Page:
BWW Interview: Shaina Taub Rejuvenates OLD HATS
Baggy pants, clown shoes and faux fisticuffs are all on the menu, augmented by Taub's original music and lyrics. Her infectiously peppy tunes belie her lyrics, which zing of mortality and existential angst. Band mates (Mike Brun, Mike Dobson, Aaron Johnson and Hiroyuki Matsuura) are in on her cosmic jokes and it's all in good fun. Taub gleefully plays piano and accordion and the others accompany her on washboard, reeds and zippy percussion.
The revival, which originated in the same theater in 2013, played in San Francisco before returning to New York. Audiences are again being rewarded with old-fashioned silliness, hat tricks, rubbery-limbed antics and a heart-tugging sad clown routine. In the mix are a debate (good timing!), commiserating commuters with matching pill boxes and a western movie set peopled by (mostly) willing audience members.
"It's a master class every night for me," Taub said before a recent performance. "One of the biggest lessons I'm learning is how to balance having fun and working hard and rigorously. They're playful, spontaneous and disciplined all at the same time.
"They've taught me how important it is to enjoy yourself in whatever you do," said Taub. The clowns engage in tom foolery and slapstick, disappearing in oversized costumes in which they appear to shrink and grow. Taub's music runs counter point to the glee onstage.
"Grief sleeps at my feet next to doubt. Don't have the heart to kick them out," goes one song. "Hats off to everything that leaves a scar for reminding me who my friends are. Here's to the chaos," goes another.
Taub's eclectic style encompasses pop, jazz and blues-y influences. One song in the show is reminiscent of Tom Waits, whose work inspired hers. She composed most of the show's songs around the duo's skits. "When I first brought them to Tina"-director Tina Landau-"she picked a small handful and I used those for the core," Taub said. "I wrote the rest inspired by the guys' combo of light and dark, playing on our common humanity. It's all about mortality in an upbeat way."
Taub was familiar with the skits before she wrote the songs. "I knew I needed a certain kind of energy. It wasn't a full-blown musical with a narrative, but needed to be cohesive with subjects and topics that resonated with the clowns," said Taub.
The show is fast-paced and physically demanding. The clowns, in their 60s, are in amazing shape, she said. "Their endurance and stamina are incredible," Taub said. "They go to the gym, do yoga and meditate. It's a demanding show for me, too. I've developed stamina for a long run-like training for a marathon. I'm more honed now and able to maintain a sense of improvisation and spontaneity." Taub also does yoga and warm-up exercises to keep pace. "I get a lot of sleep and don't go out much," Taub said. "I don't have much of a social life."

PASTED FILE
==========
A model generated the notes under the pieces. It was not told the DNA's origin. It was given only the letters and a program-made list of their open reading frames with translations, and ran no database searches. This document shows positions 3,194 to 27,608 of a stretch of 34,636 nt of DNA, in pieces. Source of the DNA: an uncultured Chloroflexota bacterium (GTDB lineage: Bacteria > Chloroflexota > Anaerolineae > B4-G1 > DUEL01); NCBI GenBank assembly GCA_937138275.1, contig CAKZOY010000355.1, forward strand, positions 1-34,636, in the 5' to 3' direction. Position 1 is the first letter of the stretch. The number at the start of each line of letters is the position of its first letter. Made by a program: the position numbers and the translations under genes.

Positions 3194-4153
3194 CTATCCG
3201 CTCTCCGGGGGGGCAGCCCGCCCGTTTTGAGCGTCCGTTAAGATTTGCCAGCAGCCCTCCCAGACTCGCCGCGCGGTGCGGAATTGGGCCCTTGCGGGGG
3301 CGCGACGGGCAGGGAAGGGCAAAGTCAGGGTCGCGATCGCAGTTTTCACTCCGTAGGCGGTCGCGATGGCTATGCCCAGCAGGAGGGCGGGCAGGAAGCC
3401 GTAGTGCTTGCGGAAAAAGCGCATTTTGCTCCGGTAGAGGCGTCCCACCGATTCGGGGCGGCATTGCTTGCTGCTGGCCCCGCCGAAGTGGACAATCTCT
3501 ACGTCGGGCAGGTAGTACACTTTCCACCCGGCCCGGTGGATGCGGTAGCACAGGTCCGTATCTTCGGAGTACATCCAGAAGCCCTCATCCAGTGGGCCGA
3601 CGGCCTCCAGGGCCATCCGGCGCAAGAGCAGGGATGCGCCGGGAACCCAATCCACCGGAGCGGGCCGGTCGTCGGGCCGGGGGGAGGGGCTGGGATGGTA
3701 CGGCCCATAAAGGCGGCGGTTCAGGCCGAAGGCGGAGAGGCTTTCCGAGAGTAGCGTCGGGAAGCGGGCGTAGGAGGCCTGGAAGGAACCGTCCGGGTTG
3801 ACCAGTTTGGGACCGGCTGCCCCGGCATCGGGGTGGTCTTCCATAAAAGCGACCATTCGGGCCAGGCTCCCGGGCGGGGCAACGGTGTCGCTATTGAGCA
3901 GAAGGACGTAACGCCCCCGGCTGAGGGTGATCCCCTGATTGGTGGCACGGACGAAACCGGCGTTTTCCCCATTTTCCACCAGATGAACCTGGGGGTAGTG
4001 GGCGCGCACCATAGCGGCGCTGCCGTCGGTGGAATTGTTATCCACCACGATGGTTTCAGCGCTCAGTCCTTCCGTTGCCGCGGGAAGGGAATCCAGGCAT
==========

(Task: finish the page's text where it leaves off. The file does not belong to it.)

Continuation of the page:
But there is much in the show that fills a void for her. "There are so many moments I love in the show. I love getting to dance next to the clowns. It feels like I'm having a lucid dream. They're such legends. We play off each other more than when we opened in San Francisco," said Taub, 27. "It's fun to pass the ball back and forth to each other.
"We have this relationship where we're genuinely having fun. Even on a crappy day they put me in a happy place," Taub said. The skits don't require lines be memorized, and there's no cookie-cutter feel to the show. "Words change night to night but the beats don't change. If something happens in the audience we make a joke out of it," she said.
For one bit, Shiner picks a mock-fight with a front row audience member. One performance was filled with school kids. "This school boy didn't hold back when Shiner picked on him," Taub said. "He didn't just sit and take it the way most adults do. It was pretty funny."
The costumes in the show are also fun to wear, she said. "The costumes and designer"-G.W. Mercier -"are great to work with," she said. "My personal style is pretty laid back, but there's this gold dress I really love. They wanted me to wear these high heel boots but I got them to make me really cool sparkly sneakers. I'm trying to find a way to keep them," Taub joked.
Performing with Irwin and Shiner has been one of the most rewarding experiences she's had. "They are two of the kindest, most generous people I've ever met. They are so sweet and thoughtful to everyone in the building. They have no ego at all. I have so much respect for them. They're legendary masters."
OLD HATS is playing at the Pershing Square Signature Center Theatre, 480 West 42nd Street through April 3rd.
Photo Credit: Genevieve Rafter-Keddy